Many birds migrate at night, guided by the stars and constellations. In Toronto, as in other North American cities, migrating birds are attracted to the lights left on overnight in downtown buildings. This often results in deadly collisions.
In one month last fall, I heard the heartbreaking thud of six birds hitting windows at my home. I care about birds, so I decided to do something.
The Fatal Light Awareness Program (FLAP) estimates that 100 million to 1 billion North American birds are killed annually in collisions with windows. Residential homes are the biggest hazard. They kill or injure more songbirds than all other buildings combined.
Since 1961, we’ve been protecting significant natural areas in Ontario within our nature reserve system. With 24 properties totalling 6,890 acres, the system preserves some of the province’s best remaining examples of imperilled and vulnerable habitats. This year, we’re focused on saving another spectacular piece of land that will become Ontario Nature’s first riverine nature reserve!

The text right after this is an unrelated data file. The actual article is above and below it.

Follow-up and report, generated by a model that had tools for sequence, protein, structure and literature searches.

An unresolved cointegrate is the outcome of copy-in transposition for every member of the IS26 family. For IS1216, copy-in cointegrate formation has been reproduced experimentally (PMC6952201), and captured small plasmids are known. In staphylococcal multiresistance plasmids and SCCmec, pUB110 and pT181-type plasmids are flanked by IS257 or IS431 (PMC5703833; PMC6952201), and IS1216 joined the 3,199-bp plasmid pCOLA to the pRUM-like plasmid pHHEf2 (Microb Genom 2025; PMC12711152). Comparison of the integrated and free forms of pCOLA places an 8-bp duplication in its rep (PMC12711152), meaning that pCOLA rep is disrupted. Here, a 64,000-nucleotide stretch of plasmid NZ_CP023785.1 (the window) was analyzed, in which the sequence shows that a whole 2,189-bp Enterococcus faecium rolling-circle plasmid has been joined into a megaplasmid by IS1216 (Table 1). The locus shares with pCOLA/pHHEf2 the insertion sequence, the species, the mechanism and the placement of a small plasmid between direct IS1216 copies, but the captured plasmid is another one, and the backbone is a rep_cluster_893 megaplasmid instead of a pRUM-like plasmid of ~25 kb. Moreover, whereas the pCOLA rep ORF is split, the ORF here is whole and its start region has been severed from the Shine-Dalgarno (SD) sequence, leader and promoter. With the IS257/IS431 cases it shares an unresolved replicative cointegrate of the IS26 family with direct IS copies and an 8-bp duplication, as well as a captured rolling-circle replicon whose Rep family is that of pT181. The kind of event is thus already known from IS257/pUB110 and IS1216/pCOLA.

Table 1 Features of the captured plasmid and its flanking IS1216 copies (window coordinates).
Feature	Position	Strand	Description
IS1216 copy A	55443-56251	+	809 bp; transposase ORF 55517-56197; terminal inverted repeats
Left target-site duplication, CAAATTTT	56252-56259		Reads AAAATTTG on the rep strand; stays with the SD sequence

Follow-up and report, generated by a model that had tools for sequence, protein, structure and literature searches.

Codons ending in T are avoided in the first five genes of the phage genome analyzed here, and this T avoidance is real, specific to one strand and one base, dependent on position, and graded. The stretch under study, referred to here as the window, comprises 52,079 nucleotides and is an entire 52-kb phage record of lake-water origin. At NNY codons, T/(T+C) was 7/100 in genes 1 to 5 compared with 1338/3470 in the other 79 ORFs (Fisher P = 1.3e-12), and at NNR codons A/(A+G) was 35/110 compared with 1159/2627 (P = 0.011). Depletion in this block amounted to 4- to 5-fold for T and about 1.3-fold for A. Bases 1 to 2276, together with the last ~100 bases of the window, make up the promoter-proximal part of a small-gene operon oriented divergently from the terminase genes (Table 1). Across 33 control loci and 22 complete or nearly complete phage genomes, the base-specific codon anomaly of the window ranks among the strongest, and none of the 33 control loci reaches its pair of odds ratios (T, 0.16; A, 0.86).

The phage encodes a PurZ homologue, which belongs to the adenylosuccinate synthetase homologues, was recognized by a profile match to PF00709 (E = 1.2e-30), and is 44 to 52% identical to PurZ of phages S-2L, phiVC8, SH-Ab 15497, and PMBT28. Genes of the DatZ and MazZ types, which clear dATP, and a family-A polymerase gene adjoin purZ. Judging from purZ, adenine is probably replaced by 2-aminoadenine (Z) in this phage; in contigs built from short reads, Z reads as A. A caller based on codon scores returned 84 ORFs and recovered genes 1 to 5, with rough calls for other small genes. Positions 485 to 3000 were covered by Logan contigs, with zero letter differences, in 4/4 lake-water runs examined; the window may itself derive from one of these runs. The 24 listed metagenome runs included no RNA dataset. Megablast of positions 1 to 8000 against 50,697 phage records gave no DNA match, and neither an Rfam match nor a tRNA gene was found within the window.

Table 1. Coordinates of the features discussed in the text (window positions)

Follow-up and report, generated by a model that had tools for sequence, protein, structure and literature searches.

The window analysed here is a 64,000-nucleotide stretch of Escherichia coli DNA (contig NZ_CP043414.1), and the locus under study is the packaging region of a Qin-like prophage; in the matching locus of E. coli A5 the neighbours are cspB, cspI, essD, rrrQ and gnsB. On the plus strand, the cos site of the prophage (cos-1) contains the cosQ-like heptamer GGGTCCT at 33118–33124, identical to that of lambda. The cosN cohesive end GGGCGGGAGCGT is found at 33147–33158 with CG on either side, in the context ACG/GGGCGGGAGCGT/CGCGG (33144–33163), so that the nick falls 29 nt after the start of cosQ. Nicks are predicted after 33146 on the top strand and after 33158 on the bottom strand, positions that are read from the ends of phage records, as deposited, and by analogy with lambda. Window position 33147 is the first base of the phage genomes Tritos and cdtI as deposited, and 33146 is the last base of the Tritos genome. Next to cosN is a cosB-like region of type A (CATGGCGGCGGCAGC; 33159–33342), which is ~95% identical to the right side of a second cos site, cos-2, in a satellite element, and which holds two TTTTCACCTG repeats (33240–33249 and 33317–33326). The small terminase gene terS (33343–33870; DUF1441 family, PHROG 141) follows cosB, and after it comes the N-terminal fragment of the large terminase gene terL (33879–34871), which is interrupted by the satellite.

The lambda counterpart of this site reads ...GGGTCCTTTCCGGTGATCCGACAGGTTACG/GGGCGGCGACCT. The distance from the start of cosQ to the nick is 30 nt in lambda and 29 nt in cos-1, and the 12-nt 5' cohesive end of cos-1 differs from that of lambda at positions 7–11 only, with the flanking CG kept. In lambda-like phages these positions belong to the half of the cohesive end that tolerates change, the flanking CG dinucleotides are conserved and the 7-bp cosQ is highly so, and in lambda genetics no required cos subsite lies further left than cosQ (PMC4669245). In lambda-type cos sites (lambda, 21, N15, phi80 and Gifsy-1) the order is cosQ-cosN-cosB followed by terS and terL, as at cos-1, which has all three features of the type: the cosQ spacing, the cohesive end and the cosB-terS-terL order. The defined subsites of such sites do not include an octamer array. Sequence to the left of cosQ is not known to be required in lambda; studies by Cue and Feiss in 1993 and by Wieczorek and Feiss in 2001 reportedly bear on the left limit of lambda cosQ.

Snapping turtles are easy to recognize. They have a spiky tail like a little stegosaurus, and always fascinated me as a child. So I was troubled to learn that anyone with a fishing license can hunt them in Ontario. The federal government’s proposed new management plan for snapping turtles is an opportunity to finally ban the snapping turtle hunt, but so far it has come up short.